Category Archives: math

Classroom socialism . . .

The image and the tale of a classroom experiment below were in an e-mail sent by the youngest of my three daughters, the one that lives, loves and happily flourishes in the northern climes of Texas while looking after the activities of one husband, two young children and a dog named Wrigley. She also doubles as the president of a local grammar school PTA, and is occasionally a part-time (unpaid) consultant for friends who are commercial property managers, some actually and some potentially.










Classroom Socialism . . .

When the reward is great, the effort to succeed is great, but when government takes all the reward away, no one will try or want to succeed. Is this man truly a genius? Checked out and this is true… it DID happen! An economics professor at a local college made a statement that he had never failed a single student before, but had recently failed an entire class. That class had insisted that Obama’s socialism worked and that no one would be poor and no one would be rich, a great equalizer.

The professor then said, “OK, we will have an experiment in this class on Obama’s plan.” All grades will be averaged and everyone will receive the same grade so no one will fail and no one will receive an A.” (substituting grades for dollars – something closer to home and more readily understood by all).

After the first test, the grades were averaged and everyone got a B. The students who studied hard were upset and the students who studied little were happy. As the second test rolled around, the students who studied little had studied even less and the ones who studied hard decided they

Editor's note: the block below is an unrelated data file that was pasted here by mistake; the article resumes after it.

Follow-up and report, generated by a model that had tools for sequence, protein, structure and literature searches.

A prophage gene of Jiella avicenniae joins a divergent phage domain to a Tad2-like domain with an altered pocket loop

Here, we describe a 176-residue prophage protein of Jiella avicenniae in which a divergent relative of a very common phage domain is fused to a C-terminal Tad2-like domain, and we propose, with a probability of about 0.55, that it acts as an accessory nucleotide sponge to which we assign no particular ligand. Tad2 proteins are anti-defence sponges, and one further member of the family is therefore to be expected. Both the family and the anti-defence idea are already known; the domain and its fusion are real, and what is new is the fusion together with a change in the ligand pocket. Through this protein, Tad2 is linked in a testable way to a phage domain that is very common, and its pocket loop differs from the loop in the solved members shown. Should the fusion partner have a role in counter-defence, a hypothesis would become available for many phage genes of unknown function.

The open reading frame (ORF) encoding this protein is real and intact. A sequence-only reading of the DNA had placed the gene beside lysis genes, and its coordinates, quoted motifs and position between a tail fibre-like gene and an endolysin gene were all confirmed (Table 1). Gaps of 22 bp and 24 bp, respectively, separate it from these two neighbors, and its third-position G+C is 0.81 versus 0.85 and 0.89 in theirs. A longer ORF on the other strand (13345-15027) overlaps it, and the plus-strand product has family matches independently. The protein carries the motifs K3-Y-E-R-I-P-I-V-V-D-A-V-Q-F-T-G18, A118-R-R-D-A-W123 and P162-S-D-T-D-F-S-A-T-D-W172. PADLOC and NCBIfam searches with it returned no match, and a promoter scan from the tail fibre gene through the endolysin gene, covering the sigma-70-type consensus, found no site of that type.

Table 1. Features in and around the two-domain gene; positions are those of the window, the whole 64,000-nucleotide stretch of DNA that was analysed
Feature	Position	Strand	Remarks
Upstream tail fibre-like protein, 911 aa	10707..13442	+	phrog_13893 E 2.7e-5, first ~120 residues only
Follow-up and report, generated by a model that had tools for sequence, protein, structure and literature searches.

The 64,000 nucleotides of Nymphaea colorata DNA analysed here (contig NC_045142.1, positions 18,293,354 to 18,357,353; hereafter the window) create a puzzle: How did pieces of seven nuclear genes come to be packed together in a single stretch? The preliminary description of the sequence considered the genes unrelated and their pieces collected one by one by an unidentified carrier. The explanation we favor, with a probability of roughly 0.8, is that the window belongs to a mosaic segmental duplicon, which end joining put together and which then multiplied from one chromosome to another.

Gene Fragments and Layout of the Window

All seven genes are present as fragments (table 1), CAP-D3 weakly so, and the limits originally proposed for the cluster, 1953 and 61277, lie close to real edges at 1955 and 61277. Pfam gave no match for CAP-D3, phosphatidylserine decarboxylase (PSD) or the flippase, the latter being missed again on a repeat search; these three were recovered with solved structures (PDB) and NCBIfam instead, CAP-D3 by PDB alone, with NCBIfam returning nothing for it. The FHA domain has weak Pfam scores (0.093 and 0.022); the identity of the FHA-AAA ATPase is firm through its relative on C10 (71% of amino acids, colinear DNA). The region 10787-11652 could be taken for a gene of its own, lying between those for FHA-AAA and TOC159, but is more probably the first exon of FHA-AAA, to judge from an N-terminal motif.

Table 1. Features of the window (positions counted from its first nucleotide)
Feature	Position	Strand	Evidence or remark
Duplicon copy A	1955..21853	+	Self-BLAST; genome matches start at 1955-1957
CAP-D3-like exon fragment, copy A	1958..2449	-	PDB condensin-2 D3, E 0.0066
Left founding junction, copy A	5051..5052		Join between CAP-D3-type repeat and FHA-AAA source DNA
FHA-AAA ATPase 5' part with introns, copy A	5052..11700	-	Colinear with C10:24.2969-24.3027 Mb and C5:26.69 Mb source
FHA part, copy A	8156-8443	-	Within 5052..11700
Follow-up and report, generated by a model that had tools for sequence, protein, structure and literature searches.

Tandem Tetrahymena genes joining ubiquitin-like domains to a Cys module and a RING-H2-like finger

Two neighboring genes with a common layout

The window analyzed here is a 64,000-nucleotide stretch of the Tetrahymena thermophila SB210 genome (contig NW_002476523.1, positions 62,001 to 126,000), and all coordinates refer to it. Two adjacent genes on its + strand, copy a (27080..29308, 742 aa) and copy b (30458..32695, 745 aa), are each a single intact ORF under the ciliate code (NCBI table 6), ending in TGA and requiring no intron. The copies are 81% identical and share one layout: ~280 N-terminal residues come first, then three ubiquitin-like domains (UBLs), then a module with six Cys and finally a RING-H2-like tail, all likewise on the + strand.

wanted a free ride too so they studied little.

The second test average was a D! No one was happy.

When the 3rd test rolled around, the average was an F.

As the tests proceeded, the scores never increased as bickering, blame and name-calling all resulted in hard feelings and no one would study for the benefit of anyone else.

To their great surprise, ALL FAILED and the professor told them that socialism would also ultimately fail because when the reward is great, the effort to succeed is great, but when government takes all the reward away, no one will try or want to succeed. It could not be any simpler than that.

Remember, there there is a real test coming up—the 2012 elections. The five points that follow are the most important you’ll ever read and all are applicable to this experiment.

You cannot legislate the poor into prosperity by legislating the wealthy out of prosperity.

What one person receives without working for, another person must work for without receiving.

Government cannot give to anybody anything that the government does not first take from others.

You cannot multiply wealth by dividing it.

When half of the people get the idea that they do not have to work because the other half is going to take care of them, and when the other half gets the idea that it does no good to work because somebody else is going to get what they work for, that is the beginning of the end of any nation.

Can you think of a reason for not sharing this? Neither could I.

To the reader:

The diatribe below is my reply to the e-mail. If you were offended and took umbrage because of my sharing the experiment with you, whether real or false, you may want to ignore this part to avoid becoming irritated, agitated, aggravated and infused with the urge to respond with your opposing views. However, I welcome and will respond to all comments, negative and positive.